Fortunately, there is a way. Over the years, I’ve discovered that some of the most important things about Thanksgiving dinner have counterparts or equivalents in Chinese culture. You know, something your Chinese family actually knows and has probably tasted in their lives.
So if you’re struggling to explain American Thanksgiving to your Chinese loved ones, here are 5 suggestions that might just help you:
1. Roast turkey is America’s version of roast duck (kǎoyā, 烤鸭)
Outside the world of China’s well-heeled expats and cushy five-star hotels, turkeys just aren’t a thing here. They’re not native to China – so of course, most people haven’t actually tasted one. Even using the appropriate Chinese word for “turkey” (huǒjī, 火鸡) won’t necessarily make it easier for people like Baba and Mama to understand what you mean.
Fortunately, Chinese cuisine includes roast poultry (Beijing duck, anyone?), so you could always start off by comparing roast turkey to China’s roast duck (kǎoyā, 烤鸭). It doesn’t taste same (so this vegan has heard) but it’s in the ballpark.
What about stewed chicken (dùn jīròu, 炖鸡肉)? You usually baste roast turkey in the bird’s own juices, which is sort of like stewing chicken meat. You could even tell them what I’ve said before – that turkey is really just an oversized chicken.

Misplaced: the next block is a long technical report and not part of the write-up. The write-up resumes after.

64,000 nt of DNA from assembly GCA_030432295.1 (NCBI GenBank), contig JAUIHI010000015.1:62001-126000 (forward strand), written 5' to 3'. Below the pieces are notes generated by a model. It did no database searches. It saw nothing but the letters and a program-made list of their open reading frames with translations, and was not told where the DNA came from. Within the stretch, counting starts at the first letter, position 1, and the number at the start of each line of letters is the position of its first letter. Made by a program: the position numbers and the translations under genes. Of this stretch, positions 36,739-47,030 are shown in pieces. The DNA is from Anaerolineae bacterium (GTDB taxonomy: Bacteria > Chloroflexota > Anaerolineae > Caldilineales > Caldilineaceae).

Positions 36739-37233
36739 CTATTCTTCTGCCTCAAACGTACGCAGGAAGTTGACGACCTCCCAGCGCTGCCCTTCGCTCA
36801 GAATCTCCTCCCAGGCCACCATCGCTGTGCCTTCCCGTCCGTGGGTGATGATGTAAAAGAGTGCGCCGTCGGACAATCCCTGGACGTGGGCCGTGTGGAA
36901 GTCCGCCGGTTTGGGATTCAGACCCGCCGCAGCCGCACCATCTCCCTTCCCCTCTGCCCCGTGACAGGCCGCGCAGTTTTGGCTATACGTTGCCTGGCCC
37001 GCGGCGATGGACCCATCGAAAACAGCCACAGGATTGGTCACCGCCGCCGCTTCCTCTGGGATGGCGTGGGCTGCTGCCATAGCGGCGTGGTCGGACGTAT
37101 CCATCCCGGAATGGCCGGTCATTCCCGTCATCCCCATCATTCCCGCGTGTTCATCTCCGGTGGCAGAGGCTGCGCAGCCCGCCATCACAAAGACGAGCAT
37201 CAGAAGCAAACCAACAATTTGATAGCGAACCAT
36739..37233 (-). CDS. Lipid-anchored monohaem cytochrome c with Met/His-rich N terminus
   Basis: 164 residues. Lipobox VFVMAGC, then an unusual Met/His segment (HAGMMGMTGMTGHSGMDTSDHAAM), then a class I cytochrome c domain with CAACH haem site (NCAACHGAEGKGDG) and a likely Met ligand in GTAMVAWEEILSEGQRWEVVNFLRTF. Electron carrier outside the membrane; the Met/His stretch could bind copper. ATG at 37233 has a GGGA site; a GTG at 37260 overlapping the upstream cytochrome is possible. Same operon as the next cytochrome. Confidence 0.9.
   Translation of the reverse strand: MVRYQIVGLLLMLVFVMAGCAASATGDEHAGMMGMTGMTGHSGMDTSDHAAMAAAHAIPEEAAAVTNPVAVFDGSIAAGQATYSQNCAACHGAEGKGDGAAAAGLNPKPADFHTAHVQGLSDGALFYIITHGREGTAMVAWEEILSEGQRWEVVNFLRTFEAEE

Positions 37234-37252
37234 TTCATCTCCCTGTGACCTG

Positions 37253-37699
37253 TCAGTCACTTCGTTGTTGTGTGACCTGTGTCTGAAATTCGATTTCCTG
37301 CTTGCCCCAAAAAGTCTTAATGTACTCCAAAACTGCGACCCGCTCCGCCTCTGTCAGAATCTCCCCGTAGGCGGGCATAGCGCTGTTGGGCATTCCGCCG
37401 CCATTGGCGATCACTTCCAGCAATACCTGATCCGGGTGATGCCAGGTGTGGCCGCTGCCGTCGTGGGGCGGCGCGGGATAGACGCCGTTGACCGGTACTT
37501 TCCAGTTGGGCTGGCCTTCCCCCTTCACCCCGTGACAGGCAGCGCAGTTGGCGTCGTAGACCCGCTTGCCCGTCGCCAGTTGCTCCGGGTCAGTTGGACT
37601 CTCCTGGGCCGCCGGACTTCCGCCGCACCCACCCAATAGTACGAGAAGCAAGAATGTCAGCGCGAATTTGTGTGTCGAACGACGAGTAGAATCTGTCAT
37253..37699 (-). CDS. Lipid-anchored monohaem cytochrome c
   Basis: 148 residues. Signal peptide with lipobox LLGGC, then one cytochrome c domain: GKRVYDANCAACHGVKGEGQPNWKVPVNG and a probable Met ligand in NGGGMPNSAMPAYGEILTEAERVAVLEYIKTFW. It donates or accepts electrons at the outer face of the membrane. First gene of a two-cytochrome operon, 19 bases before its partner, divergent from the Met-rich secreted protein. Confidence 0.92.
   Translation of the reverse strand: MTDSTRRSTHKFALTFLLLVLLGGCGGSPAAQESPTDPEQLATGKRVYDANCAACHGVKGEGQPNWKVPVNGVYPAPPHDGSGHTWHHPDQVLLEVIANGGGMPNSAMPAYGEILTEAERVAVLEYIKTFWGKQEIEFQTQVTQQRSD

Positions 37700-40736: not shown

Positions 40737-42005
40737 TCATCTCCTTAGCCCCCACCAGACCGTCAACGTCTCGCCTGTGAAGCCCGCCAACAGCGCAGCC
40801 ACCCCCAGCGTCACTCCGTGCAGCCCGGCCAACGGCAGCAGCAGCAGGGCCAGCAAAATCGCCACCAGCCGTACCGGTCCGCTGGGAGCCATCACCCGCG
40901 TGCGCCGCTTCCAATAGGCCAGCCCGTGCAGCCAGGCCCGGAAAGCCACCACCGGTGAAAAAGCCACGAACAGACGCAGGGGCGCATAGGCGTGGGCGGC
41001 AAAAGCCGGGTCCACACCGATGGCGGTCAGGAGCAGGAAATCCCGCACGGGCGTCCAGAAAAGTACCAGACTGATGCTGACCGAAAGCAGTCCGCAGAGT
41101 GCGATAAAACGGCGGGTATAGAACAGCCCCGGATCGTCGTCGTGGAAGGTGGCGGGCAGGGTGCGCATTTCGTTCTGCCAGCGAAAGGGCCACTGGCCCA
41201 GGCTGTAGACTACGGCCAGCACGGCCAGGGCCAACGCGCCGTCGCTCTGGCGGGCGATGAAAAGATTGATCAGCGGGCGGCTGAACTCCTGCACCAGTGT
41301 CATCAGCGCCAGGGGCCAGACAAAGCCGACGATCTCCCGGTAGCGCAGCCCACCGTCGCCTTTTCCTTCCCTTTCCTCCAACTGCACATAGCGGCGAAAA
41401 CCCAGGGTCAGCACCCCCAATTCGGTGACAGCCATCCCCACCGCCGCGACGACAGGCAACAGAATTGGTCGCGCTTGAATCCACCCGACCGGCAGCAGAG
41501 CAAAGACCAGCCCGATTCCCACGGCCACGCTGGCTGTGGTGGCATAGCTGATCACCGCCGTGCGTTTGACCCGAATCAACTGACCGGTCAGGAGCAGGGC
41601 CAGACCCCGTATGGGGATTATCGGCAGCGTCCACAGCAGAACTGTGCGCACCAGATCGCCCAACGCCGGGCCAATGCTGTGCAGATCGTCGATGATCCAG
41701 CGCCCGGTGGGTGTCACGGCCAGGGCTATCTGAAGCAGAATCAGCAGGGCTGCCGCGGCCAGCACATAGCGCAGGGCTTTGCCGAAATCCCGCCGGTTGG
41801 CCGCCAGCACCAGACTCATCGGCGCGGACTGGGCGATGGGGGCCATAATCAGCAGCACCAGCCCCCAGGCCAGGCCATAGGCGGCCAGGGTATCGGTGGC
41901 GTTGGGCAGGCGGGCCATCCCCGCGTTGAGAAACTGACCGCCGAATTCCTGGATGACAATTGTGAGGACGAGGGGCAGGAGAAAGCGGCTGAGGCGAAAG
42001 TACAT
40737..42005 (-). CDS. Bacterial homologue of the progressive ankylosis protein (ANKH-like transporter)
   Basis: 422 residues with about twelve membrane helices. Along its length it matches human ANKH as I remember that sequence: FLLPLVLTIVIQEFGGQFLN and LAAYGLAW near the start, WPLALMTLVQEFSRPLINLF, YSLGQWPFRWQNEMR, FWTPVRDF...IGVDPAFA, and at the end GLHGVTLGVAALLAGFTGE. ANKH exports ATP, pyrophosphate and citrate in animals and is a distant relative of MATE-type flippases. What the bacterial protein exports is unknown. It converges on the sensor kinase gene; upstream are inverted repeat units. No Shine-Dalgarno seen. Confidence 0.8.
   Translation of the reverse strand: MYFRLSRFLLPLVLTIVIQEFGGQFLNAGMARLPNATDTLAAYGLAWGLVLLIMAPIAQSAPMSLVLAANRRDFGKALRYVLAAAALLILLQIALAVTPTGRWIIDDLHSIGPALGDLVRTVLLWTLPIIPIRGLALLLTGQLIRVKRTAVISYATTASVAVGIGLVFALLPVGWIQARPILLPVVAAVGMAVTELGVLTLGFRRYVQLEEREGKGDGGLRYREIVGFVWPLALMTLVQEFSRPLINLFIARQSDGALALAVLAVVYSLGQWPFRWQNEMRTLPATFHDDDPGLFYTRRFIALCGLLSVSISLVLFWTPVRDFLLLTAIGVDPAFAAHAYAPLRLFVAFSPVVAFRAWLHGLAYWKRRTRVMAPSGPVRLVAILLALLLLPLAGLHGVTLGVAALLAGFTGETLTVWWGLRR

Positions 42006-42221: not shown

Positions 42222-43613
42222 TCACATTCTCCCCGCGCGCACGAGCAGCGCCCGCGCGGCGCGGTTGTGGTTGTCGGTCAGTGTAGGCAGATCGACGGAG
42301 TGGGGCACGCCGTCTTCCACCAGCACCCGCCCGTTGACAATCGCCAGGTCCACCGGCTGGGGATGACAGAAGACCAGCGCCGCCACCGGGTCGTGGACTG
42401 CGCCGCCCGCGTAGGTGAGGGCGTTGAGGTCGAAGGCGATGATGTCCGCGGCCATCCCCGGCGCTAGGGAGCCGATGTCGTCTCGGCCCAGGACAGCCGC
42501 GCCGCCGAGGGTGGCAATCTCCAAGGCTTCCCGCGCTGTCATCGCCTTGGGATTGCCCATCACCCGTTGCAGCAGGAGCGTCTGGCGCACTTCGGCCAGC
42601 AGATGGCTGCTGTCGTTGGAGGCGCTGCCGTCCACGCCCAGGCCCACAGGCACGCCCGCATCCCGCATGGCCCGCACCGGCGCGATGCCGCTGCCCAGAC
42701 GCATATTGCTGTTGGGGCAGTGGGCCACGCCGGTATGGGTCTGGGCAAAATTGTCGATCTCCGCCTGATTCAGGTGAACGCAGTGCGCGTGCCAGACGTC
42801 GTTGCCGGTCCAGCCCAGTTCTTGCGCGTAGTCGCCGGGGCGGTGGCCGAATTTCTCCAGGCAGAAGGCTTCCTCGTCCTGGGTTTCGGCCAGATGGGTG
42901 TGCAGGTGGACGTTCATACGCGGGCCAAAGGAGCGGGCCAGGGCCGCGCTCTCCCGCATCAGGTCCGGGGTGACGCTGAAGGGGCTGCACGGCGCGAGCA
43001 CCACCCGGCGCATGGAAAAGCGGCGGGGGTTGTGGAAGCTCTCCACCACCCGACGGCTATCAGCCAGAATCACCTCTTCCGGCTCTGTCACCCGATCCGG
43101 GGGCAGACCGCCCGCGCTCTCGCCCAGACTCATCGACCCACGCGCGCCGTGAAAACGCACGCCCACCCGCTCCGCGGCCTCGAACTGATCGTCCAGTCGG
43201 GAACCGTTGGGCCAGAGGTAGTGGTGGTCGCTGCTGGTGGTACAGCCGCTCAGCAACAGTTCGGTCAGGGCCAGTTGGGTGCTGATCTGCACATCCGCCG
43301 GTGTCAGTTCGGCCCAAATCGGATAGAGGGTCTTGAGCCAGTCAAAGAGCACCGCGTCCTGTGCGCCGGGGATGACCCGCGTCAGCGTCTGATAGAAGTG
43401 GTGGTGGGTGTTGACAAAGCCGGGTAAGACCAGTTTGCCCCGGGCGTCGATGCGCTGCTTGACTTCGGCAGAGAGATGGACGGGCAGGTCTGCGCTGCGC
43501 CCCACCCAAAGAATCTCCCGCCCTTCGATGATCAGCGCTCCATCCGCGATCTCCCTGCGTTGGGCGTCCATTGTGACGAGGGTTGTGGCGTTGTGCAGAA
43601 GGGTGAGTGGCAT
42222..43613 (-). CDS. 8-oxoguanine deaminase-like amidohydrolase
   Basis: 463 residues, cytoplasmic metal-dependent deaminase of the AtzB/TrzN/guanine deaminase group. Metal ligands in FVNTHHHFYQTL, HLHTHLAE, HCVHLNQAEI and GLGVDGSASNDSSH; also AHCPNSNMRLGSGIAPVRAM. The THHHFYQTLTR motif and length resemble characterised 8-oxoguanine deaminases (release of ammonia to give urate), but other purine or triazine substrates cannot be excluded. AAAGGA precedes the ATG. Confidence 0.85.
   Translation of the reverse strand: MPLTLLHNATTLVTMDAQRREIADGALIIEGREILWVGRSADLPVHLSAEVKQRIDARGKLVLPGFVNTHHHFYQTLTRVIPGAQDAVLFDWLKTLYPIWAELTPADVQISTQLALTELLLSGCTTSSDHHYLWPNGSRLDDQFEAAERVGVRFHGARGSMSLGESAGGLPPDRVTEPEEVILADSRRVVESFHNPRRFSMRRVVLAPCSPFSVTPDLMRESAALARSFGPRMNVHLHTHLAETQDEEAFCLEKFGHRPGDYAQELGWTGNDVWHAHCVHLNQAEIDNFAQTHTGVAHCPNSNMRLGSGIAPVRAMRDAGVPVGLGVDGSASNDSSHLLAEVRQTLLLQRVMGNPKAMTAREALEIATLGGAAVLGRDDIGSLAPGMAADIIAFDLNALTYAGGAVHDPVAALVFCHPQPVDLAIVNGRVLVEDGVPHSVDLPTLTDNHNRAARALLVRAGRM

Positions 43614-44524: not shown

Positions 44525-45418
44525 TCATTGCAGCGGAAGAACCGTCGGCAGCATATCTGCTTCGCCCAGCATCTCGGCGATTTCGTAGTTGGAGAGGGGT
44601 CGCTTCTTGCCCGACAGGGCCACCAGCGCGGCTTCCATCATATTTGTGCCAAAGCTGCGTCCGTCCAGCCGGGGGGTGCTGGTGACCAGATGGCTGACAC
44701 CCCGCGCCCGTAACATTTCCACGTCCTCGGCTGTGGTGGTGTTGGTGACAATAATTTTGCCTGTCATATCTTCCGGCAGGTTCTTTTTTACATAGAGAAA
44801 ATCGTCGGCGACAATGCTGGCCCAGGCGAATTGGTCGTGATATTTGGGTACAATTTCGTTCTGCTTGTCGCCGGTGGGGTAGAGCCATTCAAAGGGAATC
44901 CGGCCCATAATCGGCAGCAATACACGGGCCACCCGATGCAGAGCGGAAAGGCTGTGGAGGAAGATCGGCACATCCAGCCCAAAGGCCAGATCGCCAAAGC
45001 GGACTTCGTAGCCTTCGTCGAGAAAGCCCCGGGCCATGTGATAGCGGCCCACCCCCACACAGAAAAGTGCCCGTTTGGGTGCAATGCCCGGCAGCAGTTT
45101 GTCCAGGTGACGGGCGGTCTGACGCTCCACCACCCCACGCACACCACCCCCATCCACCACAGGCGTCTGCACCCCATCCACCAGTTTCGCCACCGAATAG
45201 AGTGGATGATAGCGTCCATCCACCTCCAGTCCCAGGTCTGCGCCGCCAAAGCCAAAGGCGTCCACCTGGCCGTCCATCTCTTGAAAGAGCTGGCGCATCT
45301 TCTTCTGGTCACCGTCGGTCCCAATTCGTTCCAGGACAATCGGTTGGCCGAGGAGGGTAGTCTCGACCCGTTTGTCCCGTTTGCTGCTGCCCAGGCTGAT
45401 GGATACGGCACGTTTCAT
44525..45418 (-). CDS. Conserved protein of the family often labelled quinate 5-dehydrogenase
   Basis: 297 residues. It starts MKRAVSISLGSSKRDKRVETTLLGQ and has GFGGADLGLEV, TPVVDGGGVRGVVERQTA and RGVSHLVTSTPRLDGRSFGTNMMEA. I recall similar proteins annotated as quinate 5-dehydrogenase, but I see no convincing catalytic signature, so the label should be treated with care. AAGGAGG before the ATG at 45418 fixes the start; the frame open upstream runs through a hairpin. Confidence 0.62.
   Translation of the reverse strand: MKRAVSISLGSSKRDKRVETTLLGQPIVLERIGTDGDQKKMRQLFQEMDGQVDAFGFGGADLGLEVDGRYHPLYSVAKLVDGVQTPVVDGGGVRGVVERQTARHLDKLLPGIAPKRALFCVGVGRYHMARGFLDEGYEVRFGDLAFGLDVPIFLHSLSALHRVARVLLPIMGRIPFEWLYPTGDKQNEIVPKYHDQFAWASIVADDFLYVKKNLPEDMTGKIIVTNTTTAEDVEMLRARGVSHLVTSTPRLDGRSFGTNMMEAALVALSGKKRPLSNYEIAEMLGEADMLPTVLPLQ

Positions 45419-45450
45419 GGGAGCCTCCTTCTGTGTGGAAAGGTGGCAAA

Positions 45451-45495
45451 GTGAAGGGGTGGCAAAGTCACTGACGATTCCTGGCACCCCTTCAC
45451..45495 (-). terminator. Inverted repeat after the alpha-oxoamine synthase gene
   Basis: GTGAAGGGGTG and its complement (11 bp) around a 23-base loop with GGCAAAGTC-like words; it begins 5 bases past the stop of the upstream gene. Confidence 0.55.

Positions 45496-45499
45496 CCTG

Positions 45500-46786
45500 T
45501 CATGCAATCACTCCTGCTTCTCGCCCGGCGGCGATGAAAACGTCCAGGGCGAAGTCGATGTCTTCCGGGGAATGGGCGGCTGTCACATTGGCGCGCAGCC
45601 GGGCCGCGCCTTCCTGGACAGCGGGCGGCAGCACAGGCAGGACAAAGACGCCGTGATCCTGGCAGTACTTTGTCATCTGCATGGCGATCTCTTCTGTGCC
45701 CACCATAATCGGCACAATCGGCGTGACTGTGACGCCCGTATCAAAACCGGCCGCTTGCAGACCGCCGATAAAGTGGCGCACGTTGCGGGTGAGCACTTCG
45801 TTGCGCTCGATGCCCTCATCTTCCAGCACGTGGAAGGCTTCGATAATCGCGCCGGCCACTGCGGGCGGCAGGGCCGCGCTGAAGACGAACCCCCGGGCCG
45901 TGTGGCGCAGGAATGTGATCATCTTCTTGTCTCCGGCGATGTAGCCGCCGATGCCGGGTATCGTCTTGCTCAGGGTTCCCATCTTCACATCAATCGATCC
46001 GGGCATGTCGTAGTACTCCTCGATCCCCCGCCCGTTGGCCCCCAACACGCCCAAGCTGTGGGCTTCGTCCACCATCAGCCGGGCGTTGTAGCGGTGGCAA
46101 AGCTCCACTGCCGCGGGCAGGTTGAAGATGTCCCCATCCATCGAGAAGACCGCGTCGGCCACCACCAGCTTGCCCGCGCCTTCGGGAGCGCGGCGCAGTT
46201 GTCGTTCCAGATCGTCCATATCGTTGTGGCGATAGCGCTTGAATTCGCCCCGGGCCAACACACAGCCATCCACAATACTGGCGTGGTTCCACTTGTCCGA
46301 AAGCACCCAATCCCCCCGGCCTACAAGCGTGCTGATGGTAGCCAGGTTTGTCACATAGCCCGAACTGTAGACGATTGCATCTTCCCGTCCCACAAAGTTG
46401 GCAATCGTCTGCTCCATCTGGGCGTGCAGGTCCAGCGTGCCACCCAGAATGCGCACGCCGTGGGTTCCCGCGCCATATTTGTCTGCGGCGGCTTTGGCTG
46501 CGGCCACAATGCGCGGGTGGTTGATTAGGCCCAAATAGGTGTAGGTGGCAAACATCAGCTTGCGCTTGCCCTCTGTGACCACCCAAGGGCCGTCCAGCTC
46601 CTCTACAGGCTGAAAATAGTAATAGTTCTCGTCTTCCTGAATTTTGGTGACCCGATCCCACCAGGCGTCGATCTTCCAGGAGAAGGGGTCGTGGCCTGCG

2. Cranberries are like Chinese hawthorn (shānzhā，山楂)
How do you explain the sweet-tart goodness of cranberries to people who have lived all their lives without cranberry sauce or Craisins (those fantastic raisin-like dried cranberries that have become one of my favorite snacks ever in America)?
Simple – tell them it’s like Chinese hawthorn (shānzhā，山楂). These sour berries are the quintessential fruit for tanghulu, delectable candied fruit skewers made popular in Northern China and now available in most Chinese cities. When Chinese hawthorn are warmed up and sugar coated, they taste surprisingly like cranberry sauce – a crunchier, less sauce-like version, mind you.